We humans are much better at coming up with reasons for opinions than at choosing coherent sets of opinions
He shows a video of students asked about a proposal to redistribute grade-point averages by forcing the "rich" (high-GPA students) to give some of their grade points to the "poor." Put on the spot this way, students are awkward in their attempts to articulate why it is wrong to redistribute grades even though it is right to redistribute income.
I was curious to see this exercise tried in other contexts. Ask government officials about a proposal to redistribute power, so that voters get to make more budget decisions directly. Ask Ivy League university presidents about a proposal to redistribute college endowments. Ask Ivy League professors about a proposal to redistribute academic status.
When asked if they preferred fascism to communism, 39 percent of depression-era Americans preferred fascism and 25 percent preferred communism. Back then, conservatives had an anti-market ideology they could subscribe to. That vision died with World War II and now it is hard to be right-leaning and anti-market.
Read the whole post, which offers some interesting results concerning how anti-market the public was during the Great Depression. I don't think I buy his last sentence as the explanation of the evolution of post-war ideology, but I need more time to articulate what's wrong with it.
We asked Oucha Mbarbk what he would do if he had more money. He said he would buy more food. Then we asked him what he would do if he had even more money. He said he would buy better-tasting food. We were starting to feel very bad for him and his family, when we noticed the TV and other high-tech gadgets. Why had he bought all these things if he felt the family did not have enough to eat? He laughed, and said, "Oh, but television is more important than food!"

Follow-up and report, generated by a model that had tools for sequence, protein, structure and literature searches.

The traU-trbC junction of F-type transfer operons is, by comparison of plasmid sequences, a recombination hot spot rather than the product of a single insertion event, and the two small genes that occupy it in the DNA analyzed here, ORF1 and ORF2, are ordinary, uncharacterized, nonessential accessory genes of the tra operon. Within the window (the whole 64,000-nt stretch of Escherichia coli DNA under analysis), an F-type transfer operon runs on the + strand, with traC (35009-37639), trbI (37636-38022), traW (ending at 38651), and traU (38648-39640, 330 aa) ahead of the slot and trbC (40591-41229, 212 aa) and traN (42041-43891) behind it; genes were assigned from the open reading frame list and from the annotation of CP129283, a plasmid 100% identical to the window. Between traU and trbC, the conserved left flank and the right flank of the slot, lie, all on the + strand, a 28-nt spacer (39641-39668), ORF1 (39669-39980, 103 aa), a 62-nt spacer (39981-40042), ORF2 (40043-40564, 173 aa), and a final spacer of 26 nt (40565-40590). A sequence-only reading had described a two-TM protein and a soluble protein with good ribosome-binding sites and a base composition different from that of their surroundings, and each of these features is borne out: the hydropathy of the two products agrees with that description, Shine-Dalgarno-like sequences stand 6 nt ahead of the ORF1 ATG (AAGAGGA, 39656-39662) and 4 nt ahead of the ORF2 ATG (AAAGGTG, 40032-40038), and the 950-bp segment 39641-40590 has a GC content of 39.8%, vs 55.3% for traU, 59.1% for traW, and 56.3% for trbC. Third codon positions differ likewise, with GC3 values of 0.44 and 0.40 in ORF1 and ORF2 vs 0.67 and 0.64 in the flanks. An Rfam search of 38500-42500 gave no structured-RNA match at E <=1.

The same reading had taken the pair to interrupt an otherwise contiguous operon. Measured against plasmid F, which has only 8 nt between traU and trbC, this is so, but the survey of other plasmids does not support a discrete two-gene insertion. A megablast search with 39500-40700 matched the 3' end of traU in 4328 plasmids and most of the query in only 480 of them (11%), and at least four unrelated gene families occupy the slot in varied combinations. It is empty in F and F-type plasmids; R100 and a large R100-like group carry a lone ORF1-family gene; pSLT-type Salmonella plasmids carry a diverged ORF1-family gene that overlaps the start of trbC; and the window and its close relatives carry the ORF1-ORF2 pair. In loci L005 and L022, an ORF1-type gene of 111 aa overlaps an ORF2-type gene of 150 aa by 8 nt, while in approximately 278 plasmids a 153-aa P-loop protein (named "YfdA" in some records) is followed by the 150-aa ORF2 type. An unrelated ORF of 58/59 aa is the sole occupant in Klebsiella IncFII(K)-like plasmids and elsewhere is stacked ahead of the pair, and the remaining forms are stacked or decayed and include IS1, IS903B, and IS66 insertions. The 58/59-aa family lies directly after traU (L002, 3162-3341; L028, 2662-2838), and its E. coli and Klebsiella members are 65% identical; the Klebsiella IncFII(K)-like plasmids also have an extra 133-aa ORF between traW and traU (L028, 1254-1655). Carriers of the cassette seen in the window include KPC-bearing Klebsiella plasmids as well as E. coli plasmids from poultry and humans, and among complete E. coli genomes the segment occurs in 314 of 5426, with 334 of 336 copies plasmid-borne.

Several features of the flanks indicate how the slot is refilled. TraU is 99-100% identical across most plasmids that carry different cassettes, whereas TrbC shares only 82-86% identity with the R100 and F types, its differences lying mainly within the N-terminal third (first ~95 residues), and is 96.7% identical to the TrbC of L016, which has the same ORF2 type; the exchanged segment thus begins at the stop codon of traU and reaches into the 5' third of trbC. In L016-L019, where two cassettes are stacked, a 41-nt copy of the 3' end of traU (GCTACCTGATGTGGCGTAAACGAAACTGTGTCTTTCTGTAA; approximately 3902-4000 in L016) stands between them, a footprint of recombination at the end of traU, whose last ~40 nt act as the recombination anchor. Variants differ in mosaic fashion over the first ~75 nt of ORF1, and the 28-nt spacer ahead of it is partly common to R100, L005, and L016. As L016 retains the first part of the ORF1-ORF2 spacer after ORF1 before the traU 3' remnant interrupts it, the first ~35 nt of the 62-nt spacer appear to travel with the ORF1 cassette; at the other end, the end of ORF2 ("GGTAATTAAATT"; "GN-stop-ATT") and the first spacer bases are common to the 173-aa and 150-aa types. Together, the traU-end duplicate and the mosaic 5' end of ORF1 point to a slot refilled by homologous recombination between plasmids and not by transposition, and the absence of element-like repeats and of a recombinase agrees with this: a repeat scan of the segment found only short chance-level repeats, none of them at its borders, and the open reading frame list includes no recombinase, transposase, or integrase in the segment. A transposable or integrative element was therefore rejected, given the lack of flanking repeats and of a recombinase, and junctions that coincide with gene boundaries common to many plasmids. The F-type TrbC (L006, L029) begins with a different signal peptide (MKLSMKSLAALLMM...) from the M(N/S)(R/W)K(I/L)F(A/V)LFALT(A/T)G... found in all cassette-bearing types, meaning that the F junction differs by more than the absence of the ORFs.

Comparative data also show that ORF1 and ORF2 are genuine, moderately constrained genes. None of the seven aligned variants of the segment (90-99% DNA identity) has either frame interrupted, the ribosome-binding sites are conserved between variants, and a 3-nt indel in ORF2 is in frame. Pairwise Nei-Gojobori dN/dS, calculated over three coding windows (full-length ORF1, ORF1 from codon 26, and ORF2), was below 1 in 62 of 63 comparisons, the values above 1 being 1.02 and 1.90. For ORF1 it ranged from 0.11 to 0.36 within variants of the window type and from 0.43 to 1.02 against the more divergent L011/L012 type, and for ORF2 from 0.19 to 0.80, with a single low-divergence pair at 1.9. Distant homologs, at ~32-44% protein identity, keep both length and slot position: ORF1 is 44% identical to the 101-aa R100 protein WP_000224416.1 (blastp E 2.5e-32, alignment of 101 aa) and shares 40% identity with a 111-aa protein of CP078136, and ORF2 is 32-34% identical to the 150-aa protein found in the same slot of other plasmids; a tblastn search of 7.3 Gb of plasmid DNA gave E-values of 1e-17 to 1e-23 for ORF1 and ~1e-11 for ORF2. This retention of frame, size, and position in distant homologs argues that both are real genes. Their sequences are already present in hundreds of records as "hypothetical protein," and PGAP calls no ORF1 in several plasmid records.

You've probably already seen links to this article, which is shocking in its political incorrectness. I suspect that if the authors had male, Anglo-Saxon names, it would not have been printed.
I'm basically in the Shiller camp. Corporate profits have been unusually high for the last few years, as weak firms went out of business and firms shed their workforce. The S&P 500's price-to-earnings ratio is in the high end of its historical range. It's still within its historical range, to be sure, but after a punishing recession, and with further storm clouds on the horizon, that seems to me to point to a least some level of overvaluation.
She refers to an interesting debate between Robert Shiller and Jeremy Siegel. In addition to Megan's point, I would add that a suspicious amount of corporate profits accrued to the financial industry, and that could turn around quickly when the Fed stops handing out free lunches to bankers. If you believe the Recalculation Story, then a lot of future profits are in businesses that do not exist today. There firms that turn out to be valuable years from now may not be the ones with shares outstanding at the moment.